Ex Parte Blackmon

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734 So. 2d 995 (1999)

Ex parte Michael A. BLACKMON. In re Michael A. Blackmon v. State.


Supreme Court of Alabama.

April 23, 1999.

Charles H. Pullen, Huntsville, for petitioner.

Bill Pryor, atty. gen., and Cecil G. Brendle, Jr., asst. atty. gen., for respondent.

LYONS, Justice.

On June 23, 1997, Michael A. Blackmon pleaded guilty to theft of property in the second degree, and the trial court sentenced him to two years' imprisonment. On July 27, 1997, Blackmon, through appointed appellate counsel, filed a motion to set aside or withdraw his guilty plea on the ground that his trial counsel had misrepresented to him the length of his sentence by assuring him that he would be released on the day he pleaded guilty.[1] Blackmon alleged that his trial counsel promised him that the plea agreement required the judge to sentence him to "time served"; Blackmon had been incarcerated for approximately nine months before pleading guilty.

The trial court held a hearing on the motion, at which both Blackmon and his fiancée testified. Blackmon testified that his trial counsel had told him that the plea agreement stated that he would get "time served" and that he "could walk out and go home" that day. Blackmon also stated that he wanted to leave that day because he thought he had been in jail long enough and he wanted to get out and help his family. Blackmon's fiancée testified that Blackmon's trial counsel told her that if he *996 pleaded guilty "he would get out that day." She also testified that Blackmon's trial counsel told her that it was possible that Blackmon's case would not get back on the docket "for another year or so because on that day it was two dockets being held, and it wasn't any telling how long it would be before Mike would be called back if he didn't take the guilty plea that day." She also stated that she relayed this information to Blackmon.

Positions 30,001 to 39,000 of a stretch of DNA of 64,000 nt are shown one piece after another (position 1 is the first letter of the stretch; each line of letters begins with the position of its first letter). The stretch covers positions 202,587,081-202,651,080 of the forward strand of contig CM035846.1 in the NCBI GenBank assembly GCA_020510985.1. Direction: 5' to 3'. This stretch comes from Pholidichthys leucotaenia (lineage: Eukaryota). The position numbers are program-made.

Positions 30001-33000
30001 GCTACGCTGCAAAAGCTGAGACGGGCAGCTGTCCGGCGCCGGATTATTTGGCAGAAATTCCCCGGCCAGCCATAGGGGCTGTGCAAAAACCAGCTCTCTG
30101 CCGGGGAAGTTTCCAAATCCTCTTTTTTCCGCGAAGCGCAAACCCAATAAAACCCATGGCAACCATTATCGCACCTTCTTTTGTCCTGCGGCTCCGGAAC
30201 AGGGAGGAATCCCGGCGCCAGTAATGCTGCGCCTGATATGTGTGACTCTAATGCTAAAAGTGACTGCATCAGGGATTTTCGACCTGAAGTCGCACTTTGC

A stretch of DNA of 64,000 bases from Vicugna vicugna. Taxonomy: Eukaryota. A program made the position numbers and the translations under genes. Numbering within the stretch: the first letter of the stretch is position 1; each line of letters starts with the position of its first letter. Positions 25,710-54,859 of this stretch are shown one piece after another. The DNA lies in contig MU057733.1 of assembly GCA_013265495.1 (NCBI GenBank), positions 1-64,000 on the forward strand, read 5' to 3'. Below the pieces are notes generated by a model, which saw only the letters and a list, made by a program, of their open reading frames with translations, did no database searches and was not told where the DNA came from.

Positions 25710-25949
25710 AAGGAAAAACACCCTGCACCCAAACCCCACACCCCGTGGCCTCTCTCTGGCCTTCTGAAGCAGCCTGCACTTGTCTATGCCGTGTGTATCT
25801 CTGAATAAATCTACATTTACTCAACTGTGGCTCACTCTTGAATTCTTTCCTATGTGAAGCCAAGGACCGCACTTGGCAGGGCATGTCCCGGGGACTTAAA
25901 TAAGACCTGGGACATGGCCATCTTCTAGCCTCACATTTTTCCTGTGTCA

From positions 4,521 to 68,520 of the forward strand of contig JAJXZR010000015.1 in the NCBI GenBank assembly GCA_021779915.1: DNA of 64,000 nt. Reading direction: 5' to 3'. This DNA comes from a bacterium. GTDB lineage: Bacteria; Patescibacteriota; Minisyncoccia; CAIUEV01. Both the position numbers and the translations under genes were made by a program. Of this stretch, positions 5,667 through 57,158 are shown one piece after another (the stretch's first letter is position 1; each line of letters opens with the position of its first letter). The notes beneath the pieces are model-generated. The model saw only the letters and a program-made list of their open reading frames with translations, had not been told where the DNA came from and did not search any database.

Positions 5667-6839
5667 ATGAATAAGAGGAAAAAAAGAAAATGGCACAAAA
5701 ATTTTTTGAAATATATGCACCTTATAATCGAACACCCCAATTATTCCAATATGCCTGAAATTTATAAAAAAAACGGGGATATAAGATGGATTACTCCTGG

The State pointed out that Blackmon did not call his trial counsel as a witness. The State also elicited testimony from Blackmon indicating that he has three years of college education. The State introduced the record of the trial court's plea colloquy with Blackmon, which the State says refuted Blackmon's claim that his trial counsel promised him a sentence of "time served." The record of the colloquy reads, in pertinent part:

"THE COURT: Has anyone promised to reward you or any member of your family or anyone else to get you to say that you're guilty? "THE DEFENDANT: No, sir. Just to help my family, that's all I'm trying to do, get out. "THE COURT: Well, I mean has anyone promised to reward you or any member of your family? "THE DEFENDANT: No. ". . . . "THE COURT: Do you understand the punishment [for theft of property in the second degree and the application of the Habitual Felony Offender Act] is by imprisonment for not less than 2 nor more than 20 years? "THE DEFENDANT: Yes, sir. ". . . . "THE COURT: You've talked over all these things with your lawyer? "THE DEFENDANT: Yes, sir, I sure have."